KING OF THE COYOTES
Huge predators near White Rock Lake puzzle experts
By J.D. Sparks
Special to the Star-Telegram
DALLAS – Something has happened to the coyotes that roam the underbrush and dank creeks and drains that wind through northeast Dallas.
Built like canine tanks, the coyotes in this North Texas pack are taller, longer and more massive than the streamlined, wasp-waisted coyotes found elsewhere in the state.
They make their homes alongside sleepy subdivisions and bustling thoroughfares. Drainage canals that eventually dump into Dallas’ White Rock Lake have become a kind of superhighway for the four-legged.
Reports of these enormous animals have drawn the attention of one of the nation’s foremost wolf biologists, L. David Mech, a research scientist with the U.S. Geological Survey and professor at the University of Minnesota. A typical Texas coyote weighs 25 to 35 pounds, Mech said, and these animals weigh between 40 and 50 pounds.
No researcher before has reported coyotes of this size in Texas, he said.
“Coyotes and wolves are closely related,” Mech said. “When I heard about those large coyotes in Dallas, I thought it was worth looking into because they are consistently large. It isn’t just one extra-large animal but several, like the whole pack is larger than usual.”
Coyotes — traditionally known as solitary creatures that howl in the distance at night — have learned to live among humans. And researchers say that the coyotes captured in North Texas may have a remarkable ability to adapt to their changing environment or have crossbred with other canine species.
“It’s possible that the coyote is changing genetically,” said veteran trapper Mike Trpkosh, who has caught a number of these coyotes. “The coyotes are huge. They’re off the charts — a super species of coyote.”
He has combed through tangles of mesquite, ragweed and cottonwood in the reedy outback of the Lochwood area near White Rock Lake in search of coyote tracks, waste, kill sites and dens, hoping to track down an enormous alpha male coyote.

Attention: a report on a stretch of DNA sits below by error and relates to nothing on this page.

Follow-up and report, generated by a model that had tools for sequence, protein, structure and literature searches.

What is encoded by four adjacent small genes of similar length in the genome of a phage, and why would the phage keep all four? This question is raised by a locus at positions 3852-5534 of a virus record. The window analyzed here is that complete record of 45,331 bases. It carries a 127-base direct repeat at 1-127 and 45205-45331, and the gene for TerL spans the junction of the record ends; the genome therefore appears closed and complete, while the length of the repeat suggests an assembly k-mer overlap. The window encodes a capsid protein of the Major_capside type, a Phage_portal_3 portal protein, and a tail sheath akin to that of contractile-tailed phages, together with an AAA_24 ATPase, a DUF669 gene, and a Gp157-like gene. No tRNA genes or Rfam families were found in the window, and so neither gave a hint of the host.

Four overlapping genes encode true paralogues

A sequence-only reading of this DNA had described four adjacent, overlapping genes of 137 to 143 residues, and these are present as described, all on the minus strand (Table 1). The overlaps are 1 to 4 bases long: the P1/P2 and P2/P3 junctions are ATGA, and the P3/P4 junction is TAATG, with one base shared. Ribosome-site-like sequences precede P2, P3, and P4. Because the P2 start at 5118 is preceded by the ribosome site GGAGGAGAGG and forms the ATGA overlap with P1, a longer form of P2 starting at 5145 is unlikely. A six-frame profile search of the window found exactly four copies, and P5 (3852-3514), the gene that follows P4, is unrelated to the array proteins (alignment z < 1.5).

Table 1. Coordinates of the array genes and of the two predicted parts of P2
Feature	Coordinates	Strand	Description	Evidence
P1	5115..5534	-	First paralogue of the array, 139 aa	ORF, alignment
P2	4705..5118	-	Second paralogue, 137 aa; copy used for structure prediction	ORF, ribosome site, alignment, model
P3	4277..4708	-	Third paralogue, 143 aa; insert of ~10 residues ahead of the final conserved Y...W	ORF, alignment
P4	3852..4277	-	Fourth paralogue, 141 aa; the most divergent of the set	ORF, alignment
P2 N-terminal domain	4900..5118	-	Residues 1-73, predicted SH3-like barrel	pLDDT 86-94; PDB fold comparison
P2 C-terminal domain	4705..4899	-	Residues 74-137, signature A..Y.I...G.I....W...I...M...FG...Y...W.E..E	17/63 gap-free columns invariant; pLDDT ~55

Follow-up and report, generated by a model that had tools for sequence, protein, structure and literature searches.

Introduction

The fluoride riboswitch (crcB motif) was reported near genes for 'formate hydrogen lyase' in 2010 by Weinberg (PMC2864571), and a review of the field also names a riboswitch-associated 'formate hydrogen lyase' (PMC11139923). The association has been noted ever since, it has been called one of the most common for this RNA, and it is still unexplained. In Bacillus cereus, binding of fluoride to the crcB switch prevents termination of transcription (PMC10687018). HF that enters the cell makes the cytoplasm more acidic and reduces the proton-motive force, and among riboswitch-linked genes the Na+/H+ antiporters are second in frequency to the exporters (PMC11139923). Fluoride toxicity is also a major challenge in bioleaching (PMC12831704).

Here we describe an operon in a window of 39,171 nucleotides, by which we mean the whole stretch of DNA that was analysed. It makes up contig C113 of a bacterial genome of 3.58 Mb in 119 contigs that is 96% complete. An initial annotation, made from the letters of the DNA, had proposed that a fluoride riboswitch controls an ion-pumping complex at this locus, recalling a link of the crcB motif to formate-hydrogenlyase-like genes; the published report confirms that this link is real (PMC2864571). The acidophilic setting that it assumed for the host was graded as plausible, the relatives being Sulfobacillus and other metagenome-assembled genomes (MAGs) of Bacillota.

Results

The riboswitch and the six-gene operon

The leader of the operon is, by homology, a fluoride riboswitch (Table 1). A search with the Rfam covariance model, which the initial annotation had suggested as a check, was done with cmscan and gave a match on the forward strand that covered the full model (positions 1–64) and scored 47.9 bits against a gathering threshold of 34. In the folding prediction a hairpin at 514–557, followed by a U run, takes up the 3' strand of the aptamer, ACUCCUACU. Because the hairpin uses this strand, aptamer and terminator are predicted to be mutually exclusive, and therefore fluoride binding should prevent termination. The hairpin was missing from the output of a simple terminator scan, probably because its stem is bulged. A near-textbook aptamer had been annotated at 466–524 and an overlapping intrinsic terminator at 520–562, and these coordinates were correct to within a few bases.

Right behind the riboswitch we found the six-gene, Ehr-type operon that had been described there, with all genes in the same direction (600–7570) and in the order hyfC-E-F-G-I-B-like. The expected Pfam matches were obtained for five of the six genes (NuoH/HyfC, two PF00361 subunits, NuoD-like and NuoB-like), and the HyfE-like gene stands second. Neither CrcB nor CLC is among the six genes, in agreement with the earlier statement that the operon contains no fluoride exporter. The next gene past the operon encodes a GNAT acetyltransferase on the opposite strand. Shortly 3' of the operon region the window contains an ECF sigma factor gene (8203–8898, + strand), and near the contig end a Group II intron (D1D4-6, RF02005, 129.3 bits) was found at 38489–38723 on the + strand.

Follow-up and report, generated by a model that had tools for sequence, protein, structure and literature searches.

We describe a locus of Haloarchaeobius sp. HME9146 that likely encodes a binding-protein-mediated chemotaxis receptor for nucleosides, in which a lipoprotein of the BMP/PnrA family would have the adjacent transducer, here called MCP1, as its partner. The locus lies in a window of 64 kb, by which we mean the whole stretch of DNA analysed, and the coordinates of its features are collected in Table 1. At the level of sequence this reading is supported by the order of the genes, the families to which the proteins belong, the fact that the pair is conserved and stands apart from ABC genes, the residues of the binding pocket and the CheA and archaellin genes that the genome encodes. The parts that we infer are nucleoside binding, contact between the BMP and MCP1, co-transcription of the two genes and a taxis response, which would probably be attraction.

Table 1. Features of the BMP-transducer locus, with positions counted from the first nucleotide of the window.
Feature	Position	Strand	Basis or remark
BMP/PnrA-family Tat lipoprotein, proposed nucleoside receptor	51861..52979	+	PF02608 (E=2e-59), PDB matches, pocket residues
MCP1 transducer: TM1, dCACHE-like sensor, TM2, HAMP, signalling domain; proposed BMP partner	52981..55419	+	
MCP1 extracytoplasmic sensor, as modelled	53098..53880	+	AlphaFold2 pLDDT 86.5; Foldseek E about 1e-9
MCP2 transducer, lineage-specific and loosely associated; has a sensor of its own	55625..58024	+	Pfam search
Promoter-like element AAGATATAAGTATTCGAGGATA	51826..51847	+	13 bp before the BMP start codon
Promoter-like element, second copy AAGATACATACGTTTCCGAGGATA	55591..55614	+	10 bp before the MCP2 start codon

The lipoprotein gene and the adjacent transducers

“I’ve been looking for him for over a year,” he said. “I found some scat with bones and a large print in the gravel on Tuesday. I’m pretty sure it’s him.”
Trpkosh contracts with a number of cities, including Dallas, to trap and dispose of coyotes and other nuisance animals.
Over the past few years, he said, he started noticing a change in some of the coyotes he was trapping, particularly in the Lochwood neighborhood. These coyotes are bulkier than most, with deeper chests and fur with a downy undercoat like a dog’s.
At first he attributed the coyotes’ change to diet.
“I figured they were eating pets and pet food and their size was a product of good nutrition — but good nutrition’s not enough to explain the change,” he said.
These “super coyotes” may be the first signs that the species is crossbreeding with dogs, Mech and other researchers say.
In March, Mech flew to Dallas to collect DNA samples from the coyotes’ fecal matter, and geneticists at the university are examining it to determine why the coyotes are so big. The results will be available in August.
Mech said crossbreeding between coyotes and dogs has been well-recorded in the Northeast but is new to Texas.
Some animal experts are skeptical.
Ron Cornelison, a public health technician with the Texas Department of Health, attributed the coyotes’ size to diet.
“They simply have more access to dog food or cat food,” he said. “The food supply is more plentiful, so you’d expect to see coyotes a few pounds heavier with a better coat and appearance.”
Cornelison said he doubts that dogs and coyotes are interbreeding.
“Coy-dogs are very rare,” he said. “People claim to see these mixes — and genetically they can breed, they’re not that far apart — but most of the time coyotes and dogs just don’t mix.”
But Mech said arguments in favor of diet fall short. Coyotes throughout Texas have the same access to the usual fare of rodents, rabbits and garbage in addition to pet food and small, domesticated animals found in greenbelts and neighborhoods, he said, and record weights are being reported only in a specific area of the state.
Crossbreeding between coyotes and dogs might also explain the animals’ aggressive behavior.
“A coyote bred with a dog is dangerous — it removes their fear of humans,” said Capt. Garry Collins of the Texas Parks and Wildlife Department. “They can be aggressive if you’re between them and a food source.”
However, Collins said he is unaware of a population of coy-dogs in the Dallas area. “Dogs are a bigger problem,” he said. “I think that’s what people are seeing.”
Mech said a second explanation might be that Trpkosh stumbled upon a pack of coyotes that had bred with wolves. This cross-hybridization accounts for larger coyotes in the Northeast and in Canada. But given that Texas’ indigenous red wolf population was virtually hunted to extinction and has not been seen in the state for nearly 30 years, Mech said this theory is not likely.
Trpkosh said the trend reaches beyond a single strain or group of giant coyotes; the big animals have been trapped in Garland, Murphy and Mesquite, 15 miles away. Packs usually range five to seven miles, Trpkosh said.